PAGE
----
The eviction need to be done to both of them as THEY are both biding with you to pay the rent.  The lawyers are trying to goofball you to get their customer out of the hook.  But when the court rule in favor of an eviction you will be able to go against Bob for your money, and look like he have the mean to pay you.  ***never assume that you will recover all your cost, sadly***  If after that Bob want to go against Alice he could in from of the small court, but that is not your problem.

Wish you the best

Bobs lawyer is just trying to get bob off the hook.

Joint and several. Look it up.

I like I remind folks that judgements against them, registered at Court of Queens Bench, will become a publicly searchable document & hinderance to many things including but not limited to:
- obtaining utilities in their name
- obtaining a loan
-obtaining the latest iPhone on credit
-obtaining future housing
-obtaining employment

Bob can continue to pay his friend to pretend he’s a lawyer (or maybe he really is?), but he will lose this judgement if your paperwork was and continues to be impeccable.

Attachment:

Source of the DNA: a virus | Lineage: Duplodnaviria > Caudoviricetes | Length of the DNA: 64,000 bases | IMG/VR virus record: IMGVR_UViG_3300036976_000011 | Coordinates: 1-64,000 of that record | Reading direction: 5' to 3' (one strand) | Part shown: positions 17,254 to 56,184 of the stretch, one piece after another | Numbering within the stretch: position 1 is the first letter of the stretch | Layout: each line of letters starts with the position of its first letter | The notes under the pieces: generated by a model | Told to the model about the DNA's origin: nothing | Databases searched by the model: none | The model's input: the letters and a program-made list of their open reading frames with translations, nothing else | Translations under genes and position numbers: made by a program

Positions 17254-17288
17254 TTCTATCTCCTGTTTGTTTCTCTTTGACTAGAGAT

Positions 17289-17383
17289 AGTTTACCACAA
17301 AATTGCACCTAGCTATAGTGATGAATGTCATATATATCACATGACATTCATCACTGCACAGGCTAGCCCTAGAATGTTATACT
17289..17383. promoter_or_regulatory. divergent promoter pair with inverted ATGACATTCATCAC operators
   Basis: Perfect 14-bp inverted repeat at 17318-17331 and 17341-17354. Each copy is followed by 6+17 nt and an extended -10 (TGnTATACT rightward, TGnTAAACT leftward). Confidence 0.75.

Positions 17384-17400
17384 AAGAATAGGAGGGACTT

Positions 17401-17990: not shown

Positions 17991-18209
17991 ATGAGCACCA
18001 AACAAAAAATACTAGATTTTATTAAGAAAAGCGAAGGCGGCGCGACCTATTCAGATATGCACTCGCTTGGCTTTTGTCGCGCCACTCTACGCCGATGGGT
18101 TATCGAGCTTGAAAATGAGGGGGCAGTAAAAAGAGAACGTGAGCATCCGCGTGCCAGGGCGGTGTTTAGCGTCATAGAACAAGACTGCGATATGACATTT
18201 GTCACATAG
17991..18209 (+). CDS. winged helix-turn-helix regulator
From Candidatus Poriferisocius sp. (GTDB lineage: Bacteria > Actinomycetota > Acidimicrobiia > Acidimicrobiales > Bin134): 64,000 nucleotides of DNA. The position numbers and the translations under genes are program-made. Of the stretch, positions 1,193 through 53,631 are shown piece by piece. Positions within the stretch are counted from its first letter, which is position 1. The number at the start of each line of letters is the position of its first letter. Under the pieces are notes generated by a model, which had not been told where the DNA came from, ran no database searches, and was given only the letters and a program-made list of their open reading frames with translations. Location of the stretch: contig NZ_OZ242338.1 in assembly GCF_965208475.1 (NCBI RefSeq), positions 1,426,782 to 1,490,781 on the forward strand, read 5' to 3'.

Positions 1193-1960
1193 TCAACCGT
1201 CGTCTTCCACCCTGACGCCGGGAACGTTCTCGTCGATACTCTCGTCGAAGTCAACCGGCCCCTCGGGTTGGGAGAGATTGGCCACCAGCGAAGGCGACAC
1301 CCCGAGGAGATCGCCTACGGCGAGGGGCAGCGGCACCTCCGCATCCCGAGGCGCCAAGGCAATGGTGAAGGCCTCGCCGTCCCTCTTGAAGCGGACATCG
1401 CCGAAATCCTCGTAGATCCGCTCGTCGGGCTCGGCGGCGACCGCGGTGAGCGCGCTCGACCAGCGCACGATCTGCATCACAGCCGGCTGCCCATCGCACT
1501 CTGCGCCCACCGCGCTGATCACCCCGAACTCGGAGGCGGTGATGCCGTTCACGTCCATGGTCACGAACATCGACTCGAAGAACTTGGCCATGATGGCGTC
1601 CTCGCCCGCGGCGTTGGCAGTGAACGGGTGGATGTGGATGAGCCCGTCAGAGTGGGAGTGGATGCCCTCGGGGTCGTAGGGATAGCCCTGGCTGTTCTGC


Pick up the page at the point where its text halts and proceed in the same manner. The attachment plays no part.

You could offer Bob's lawyer a buyout to terminate the lease early, if everyone moves out.  Bob and his lawyer are trying to make their problem into your problem.  Just say no.

Information provided thus far is correct.

As a long time Ontario landlord the following is the rule.

1) Both are on the lease, both are responsible for the rent as long as one resides in the premises.

2) The lawyer is blowing smoke and in reality very few lawyers on Ontario are aware of the regulations.

3) Only the landlord has the authority to initiate an eviction.

4) until March rent is not paid you have no grounds to evict.

5) Assuming rent is not paid you may choose to evict both tenants for non payment of rent.

6) Cost to initiate an eviction is $170 and will be lost if the tenant is not evicted or pays rent owing.

If you issue a N4 you will be releasing the tenant from all monies owed (rent damages etc) if they agree to both leave, and you get nothing except maybe your $170 back.